Skin Deep

Here’s how to take care of your skin
during the dog days of summer.


July-August 2013

By Corinne Garcia

In a perfect world, we’d all have glowing, blemish-free skin during the summer months, that time of year when we tend to show more of ourselves to the world. In reality, along with summertime fun comes more time spent in the sun with its harmful UV rays, which can result in a host of skin issues.

Everyone has different skin tones and types ranging from pale to dark, dry to oily, and each type is subject to a variety of issues: dry, flaky skin, heat rashes, breakouts, you name it. No matter what type of skin you’re in, there are some general guidelines to dealing with common issues.

Sun and Skin

Some people may feel like they look healthier and happier with sun-kissed skin, but most people these days also understand that excessive exposure to UV rays can cause skin cancer. According to the National Cancer Institute, more than 2 million cases of skin cancer occur each year in the US.

And although most are the rarely fatal basal and squamous cell carcinomas, occurrences of the deadliest form, melanoma, have tripled from 1975 to 2010. Both UVA and UVB rays can cause melanoma and studies have found a correlation between sunburns and this deadly malignancy.

Realistically, summertime is outdoor time, so the sun is hard for people to avoid. “I don’t want anybody worshipping the sun,” says Mary Field, CAMS, of the Institute of European and Natural Skin Care in Gig Harbor, Washington. “It’s healthy to be in the great outdoors, but there’s a big difference between enjoying the outdoors and parking it on the beach; you still need to protect yourself.”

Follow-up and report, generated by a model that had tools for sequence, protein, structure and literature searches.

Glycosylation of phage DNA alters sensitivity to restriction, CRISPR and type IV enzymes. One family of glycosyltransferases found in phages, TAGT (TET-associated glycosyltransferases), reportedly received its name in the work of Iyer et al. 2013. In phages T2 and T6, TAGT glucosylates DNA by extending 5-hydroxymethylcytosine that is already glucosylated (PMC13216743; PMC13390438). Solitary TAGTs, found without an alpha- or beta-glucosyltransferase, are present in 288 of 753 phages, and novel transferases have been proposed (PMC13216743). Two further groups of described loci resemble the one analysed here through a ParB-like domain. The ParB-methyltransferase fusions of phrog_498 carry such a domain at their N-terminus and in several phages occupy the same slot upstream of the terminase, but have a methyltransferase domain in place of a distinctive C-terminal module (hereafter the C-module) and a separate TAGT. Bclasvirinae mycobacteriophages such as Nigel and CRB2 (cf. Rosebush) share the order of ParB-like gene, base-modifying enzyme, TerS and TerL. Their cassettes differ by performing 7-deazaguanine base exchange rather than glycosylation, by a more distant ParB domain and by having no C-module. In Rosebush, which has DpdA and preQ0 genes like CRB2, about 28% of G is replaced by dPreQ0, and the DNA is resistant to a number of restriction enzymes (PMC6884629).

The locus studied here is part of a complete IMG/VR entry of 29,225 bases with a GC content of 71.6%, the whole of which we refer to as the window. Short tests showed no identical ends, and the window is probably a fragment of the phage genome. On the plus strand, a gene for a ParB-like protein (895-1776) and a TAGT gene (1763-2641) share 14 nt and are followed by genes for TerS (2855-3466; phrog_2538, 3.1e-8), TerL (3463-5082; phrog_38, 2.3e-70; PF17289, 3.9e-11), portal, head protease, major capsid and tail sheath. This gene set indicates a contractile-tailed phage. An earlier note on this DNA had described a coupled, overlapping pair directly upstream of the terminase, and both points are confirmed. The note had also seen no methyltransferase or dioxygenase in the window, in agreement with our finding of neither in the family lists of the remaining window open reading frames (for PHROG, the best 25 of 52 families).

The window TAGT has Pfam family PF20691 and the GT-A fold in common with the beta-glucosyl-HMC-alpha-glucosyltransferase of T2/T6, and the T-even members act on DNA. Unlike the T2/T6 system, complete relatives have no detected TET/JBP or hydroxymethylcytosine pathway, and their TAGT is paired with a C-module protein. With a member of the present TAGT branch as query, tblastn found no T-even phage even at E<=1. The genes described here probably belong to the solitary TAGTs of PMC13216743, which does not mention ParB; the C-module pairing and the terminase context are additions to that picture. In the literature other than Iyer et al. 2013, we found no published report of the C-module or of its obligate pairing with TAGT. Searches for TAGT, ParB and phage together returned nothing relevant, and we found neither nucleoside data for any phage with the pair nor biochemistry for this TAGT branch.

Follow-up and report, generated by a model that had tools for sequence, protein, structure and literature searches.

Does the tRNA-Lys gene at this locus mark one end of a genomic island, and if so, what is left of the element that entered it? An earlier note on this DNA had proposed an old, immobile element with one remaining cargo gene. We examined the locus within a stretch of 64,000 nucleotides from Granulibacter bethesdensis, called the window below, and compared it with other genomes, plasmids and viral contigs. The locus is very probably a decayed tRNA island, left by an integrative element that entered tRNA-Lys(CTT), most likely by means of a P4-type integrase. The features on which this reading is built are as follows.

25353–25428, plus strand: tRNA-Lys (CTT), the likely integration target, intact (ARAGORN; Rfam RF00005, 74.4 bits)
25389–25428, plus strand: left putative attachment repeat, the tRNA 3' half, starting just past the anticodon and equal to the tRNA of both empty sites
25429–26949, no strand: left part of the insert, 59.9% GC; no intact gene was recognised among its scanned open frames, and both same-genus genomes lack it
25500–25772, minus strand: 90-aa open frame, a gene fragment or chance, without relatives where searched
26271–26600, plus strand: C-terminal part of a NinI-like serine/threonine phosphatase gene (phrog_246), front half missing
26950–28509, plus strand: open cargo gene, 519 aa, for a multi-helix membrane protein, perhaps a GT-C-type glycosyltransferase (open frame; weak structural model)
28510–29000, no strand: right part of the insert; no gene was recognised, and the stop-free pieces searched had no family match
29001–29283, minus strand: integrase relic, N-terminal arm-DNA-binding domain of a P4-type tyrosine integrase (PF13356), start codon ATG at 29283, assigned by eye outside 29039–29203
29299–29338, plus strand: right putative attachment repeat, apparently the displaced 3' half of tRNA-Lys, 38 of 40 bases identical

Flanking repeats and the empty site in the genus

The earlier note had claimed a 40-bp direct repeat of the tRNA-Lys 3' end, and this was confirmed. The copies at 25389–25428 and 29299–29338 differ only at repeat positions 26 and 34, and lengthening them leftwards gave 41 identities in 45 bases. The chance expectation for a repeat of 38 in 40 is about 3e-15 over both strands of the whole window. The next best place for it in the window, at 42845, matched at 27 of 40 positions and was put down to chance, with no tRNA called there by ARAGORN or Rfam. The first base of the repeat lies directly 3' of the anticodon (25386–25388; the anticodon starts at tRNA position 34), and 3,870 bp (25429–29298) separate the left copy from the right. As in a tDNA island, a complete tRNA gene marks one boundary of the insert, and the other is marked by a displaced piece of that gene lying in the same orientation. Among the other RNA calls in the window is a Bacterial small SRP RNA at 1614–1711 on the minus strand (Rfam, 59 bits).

The Environmental Working Group’s Suncreen Recommendations

DO:
• Use mineral-base sunscreens with either zinc oxide or avobenzone for the most natural protection.
• Use 15 to 50 SPF broad-spectrum products that blocks both UVA and UVB rays. If it’s not broad spectrum, you may be preventing sunburn but still be getting skin damage.
• Reapply every hour.

DON’T:
• Use spray sunscreens and powders, both of which can get into the lungs and cause uneven coverage.
• Use SPFs over 50; the EWG
discovered these products make people feel like they can safely stay in the sun longer and many don’t protect against harmful UVA rays.
• Use products with the chemical
oxybenzone, which the EWG has found to penetrate the skin and bloodstream, triggering allergies and showing hormone-like
properties within the body.
• Use products with retinyl palmitate, which the EWG states can “speed development of skin tumors and lesions.”
• Use combined sunscreen and insect repellents. Because bugs are rarely out in the peak sun hours, you are likely applying more unhealthy chemical repellant than you require.

Is sunscreen the answer? The Environmental Working Group reports that regular sunscreen use reduces the risk of developing squamous cell carcinoma, but studies have not yet proven that it protects against either basal cell carcinoma or melanoma. However, sunscreen can protect you against sunburns, which have been shown to cause melanoma. So although it’s not the ultimate skin cancer shield, sunscreen is still useful.

What’s more, sunscreen has been shown to help prevent sun-induced wrinkles. A study by researchers at Australia’s University of Queensland reported that those who wear sunscreen daily have 24% fewer wrinkles than those who don’t (Annals of Internal Medicine 6/13).

Professional makeup artist Lora Condon, author of the Beauty Buster Blog (www.makeupwithme.com/wordpress), stays out of the sun as much as possible, but still wears sunscreen on her face every day. “My number one recommendation for summer skin is using sunscreen and reapplying it every hour to make sure you’re preventing skin cancer and wrinkling, but also to get even skin tone instead of getting blotchy and burned,” she says.

Sunscreen has been a hot topic, as researchers and groups such as EWG began questioning product claims and ingredient safety. In response, the Food and Drug Administration has begun enforcing new sunscreen regulations. And EWG recently released their guide to the safest brands (www.ewg.org/2013sunscreen).

Sunscreen can offer some protection, but it’s only one tool. Public health authorities recommend wearing light layers of UV-protective clothing, sunglasses and sun hats to block the rays, in addition to seeking shade during the hours when the sun is strongest, from 10 a.m. to 4 p.m.